At the All India Depressed Classes Leaders Unity Conference in Kanpur in 1935, Jagjivan Ram proved to be the guiding spirit. He pointed out that the Harijans would not be able to advance their efforts at social and economic upliftment if they were not able to secure representation for themselves in elected bodies. Moreover, there had to be unity among them, as they would otherwise nullify their efforts by working through a number of different and separate organizations. He also emphasized that it was important to be linked to the mainstream of the freedom movement, as exemplified by Mahatma Gandhi and the Congress. As a result of his efforts, the All India Depressed Classes League was formed, with Rasik-lal Biswas as its President and P.N. Rajbhoj and Jagjivan Ram as Secretaries. He also became the President of the Bihar branch of the Depressed Classes League. A new and perplexing question arose, when Dr. Ambedkar threatened that the Scheduled Castes in the country would embrace a religion other than Hinduism in view of the blatant caste discrimination and Jagjivan Ram was opposed to this view. He attended the All India Mahasabha Conference at Pune in December 1936 with a 30-member strong delegation. The Party President, Malaviya appealed that all the disabilities put before Harijans should be removed. All went well, until an amendment was moved that while Harijans could enter temples, they could not enter the main shrine room. Taking objection to it, Jagjivan Ram threatened to leave. Malaviya stepped in and the move was dropped.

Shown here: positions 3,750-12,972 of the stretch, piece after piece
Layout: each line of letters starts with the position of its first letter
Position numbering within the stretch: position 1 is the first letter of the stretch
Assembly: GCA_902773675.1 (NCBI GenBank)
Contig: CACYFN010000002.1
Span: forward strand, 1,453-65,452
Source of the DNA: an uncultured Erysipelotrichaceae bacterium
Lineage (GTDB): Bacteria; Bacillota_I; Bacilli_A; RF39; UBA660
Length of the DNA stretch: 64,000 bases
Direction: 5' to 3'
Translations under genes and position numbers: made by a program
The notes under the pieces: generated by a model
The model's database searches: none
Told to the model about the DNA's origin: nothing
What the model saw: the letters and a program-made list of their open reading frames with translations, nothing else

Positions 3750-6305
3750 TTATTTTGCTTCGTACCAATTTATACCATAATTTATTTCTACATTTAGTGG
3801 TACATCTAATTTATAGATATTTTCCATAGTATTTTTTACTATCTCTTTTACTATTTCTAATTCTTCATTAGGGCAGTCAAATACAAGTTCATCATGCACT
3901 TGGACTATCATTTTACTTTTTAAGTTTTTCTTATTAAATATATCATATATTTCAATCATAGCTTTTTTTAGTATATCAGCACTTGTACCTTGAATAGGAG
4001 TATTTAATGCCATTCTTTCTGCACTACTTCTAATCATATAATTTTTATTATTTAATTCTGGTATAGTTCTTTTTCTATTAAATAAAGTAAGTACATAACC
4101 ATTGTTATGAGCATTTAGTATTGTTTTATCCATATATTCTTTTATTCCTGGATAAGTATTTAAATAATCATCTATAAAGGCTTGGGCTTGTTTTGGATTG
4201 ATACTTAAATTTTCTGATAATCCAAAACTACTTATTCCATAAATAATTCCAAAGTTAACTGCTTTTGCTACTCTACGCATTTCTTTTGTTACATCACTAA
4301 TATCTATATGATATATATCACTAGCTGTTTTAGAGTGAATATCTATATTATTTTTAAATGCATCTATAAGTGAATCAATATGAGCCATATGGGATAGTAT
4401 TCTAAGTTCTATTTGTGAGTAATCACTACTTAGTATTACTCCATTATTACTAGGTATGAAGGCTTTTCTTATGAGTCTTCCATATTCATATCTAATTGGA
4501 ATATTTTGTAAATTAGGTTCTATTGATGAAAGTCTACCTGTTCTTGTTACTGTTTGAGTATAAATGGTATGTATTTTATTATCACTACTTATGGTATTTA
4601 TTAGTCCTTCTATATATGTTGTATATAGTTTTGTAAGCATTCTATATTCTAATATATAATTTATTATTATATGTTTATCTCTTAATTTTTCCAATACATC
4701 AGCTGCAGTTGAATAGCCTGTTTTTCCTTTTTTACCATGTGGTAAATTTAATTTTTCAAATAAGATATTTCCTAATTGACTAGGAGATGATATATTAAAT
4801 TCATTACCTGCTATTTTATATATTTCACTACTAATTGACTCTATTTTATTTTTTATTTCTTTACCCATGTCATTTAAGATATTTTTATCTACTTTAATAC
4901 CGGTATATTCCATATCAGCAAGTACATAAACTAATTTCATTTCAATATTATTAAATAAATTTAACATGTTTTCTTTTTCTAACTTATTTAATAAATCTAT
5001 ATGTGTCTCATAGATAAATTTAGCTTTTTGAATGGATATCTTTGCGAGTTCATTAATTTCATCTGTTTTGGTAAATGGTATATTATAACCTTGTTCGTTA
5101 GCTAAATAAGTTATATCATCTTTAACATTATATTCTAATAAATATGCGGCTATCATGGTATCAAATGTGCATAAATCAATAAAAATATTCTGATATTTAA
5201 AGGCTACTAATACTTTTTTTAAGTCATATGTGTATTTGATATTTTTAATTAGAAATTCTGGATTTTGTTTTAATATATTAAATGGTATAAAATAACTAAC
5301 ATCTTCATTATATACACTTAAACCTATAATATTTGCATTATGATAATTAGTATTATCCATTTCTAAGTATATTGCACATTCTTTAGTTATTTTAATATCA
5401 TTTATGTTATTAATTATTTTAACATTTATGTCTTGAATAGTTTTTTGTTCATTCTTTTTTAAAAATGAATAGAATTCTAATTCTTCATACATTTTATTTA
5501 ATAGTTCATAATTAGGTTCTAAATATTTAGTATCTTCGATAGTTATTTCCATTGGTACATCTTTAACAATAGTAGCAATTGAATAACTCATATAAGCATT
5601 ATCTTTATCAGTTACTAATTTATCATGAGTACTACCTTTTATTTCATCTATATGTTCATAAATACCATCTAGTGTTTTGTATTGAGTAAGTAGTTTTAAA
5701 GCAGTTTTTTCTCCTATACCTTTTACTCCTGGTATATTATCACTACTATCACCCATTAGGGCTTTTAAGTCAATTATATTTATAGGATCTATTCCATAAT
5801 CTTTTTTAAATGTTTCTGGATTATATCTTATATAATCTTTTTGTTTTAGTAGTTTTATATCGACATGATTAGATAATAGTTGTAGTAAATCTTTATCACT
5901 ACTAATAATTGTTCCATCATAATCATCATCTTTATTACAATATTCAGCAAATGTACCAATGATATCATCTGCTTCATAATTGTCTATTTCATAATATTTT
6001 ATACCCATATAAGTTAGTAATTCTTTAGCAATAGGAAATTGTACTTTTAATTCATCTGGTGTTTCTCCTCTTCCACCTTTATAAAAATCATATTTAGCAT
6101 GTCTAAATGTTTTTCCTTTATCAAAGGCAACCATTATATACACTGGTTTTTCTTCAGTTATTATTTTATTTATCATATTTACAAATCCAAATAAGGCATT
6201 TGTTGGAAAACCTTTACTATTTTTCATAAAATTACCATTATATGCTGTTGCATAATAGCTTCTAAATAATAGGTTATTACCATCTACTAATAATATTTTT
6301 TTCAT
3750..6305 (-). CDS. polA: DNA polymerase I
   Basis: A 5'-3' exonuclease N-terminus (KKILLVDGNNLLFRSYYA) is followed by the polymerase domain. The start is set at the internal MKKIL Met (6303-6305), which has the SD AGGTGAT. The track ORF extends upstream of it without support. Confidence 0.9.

The temple entry movement gained momentum largely due to his efforts and today the doors of Jagannath temple at Puri, Vishwanath Mandir in Kashi and Meenakshi temple in Madurai, to name a few, are open for upper and lower castes alike.  This goes to show the stature and prestige that Jagjivan Ram had acquired in just a few years.